A golf ball made in 1835 is to be auctioned - and is expected to fetch $50,000 or more!
A unique golf ball that is more than 150-years-old and stuffed with goose feathers is to be sold at auction - and is expected to go for an staggering £25,000 pounds.
The feathery 'midget' dates from 1835 and is believed to be the only one of its type in existence.
It pre-dates the introduction of India rubber gutta-percha balls by 15 years and although it has been used, it has retained its shape remarkably well.
John Mullock, from Mullock auctioneers, who is selling the ball, said: 'The ball came from the Harry B. Wood collection and is labelled 'Feather Midget about 1835'.
'It is thought to be the only one in existence and was probably kept because it is smaller than usual balls.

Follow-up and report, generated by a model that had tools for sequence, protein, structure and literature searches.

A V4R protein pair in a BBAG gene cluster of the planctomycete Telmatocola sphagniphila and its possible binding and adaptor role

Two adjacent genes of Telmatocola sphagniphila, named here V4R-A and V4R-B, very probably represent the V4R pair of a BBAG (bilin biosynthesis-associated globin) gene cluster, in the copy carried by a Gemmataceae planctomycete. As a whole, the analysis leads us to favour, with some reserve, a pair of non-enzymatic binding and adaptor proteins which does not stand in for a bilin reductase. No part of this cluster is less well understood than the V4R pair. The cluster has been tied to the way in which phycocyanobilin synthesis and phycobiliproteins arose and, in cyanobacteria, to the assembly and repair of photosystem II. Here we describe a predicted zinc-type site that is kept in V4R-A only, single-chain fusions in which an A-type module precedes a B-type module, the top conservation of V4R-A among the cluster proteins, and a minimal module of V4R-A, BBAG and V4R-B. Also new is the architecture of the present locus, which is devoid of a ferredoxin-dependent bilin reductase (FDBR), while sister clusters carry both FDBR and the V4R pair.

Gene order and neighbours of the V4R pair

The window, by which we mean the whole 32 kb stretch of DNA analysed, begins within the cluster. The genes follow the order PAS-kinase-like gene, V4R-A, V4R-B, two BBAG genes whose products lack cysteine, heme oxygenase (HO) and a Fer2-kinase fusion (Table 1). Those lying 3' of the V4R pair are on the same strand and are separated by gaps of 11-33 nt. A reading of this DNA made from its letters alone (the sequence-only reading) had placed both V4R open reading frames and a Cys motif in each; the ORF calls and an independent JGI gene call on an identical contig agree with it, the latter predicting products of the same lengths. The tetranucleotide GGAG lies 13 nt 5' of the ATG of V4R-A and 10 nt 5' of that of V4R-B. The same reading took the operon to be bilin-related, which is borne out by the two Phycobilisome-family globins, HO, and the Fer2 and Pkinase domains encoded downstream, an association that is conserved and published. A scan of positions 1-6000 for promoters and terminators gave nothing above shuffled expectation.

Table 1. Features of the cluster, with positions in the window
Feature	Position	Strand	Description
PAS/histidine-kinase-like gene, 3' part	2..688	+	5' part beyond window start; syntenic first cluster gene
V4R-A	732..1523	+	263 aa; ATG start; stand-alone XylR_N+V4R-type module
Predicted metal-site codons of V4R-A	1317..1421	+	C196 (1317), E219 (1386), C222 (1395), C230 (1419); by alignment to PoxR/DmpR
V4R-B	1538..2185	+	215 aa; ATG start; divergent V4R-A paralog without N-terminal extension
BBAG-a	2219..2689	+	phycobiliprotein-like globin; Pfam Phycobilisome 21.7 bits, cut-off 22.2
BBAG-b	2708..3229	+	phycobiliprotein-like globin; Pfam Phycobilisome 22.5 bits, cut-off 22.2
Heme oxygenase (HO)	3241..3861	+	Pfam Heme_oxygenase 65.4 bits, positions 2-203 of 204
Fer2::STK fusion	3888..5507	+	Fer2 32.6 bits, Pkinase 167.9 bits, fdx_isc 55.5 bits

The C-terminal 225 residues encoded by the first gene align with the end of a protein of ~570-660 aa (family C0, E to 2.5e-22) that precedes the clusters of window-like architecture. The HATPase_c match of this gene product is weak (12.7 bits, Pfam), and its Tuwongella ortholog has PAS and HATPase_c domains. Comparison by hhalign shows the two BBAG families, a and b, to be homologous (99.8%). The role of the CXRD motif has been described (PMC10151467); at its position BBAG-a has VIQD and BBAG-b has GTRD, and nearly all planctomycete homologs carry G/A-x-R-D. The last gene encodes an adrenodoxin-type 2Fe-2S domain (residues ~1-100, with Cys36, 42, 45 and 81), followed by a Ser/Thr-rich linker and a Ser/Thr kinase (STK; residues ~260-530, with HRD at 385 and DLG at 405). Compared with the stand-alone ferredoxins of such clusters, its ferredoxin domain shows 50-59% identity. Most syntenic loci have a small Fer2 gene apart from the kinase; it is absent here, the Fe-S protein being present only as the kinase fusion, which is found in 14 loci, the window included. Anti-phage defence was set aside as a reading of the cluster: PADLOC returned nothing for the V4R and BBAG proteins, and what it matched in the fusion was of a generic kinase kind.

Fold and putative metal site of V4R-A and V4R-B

'The feathery balls were made by putting a top hat's worth of goose feathers into a leather ball, then sewing it up.
'They took some effort to make and as such they were relatively expensive - you wouldn't want to lose many of them.
'They got out of shape quite quickly and towards the end of the 19th century had been replaced by the gutta-percha balls made from India rubber.
'The new balls also meant a change in club design because they were harder than the feathery variety.
I wonder if whoever buys it will have the temerity to put it on a tee and hit the thing?
Reminds me of the old joke . . .
Pat and Mike were admiring Pat's new Cadillac. Pat showed Mike all the buttons, bells and whistles, and Mike was duly impressed.
"What are those, Pat?" he asked, pointing to two plastic objects in the center console tray.
"Oh, those are tees," Pat explained. "You put your balls in them when you drive off."
"Man," Mike exclaimed, "General Motors thinks of everything!"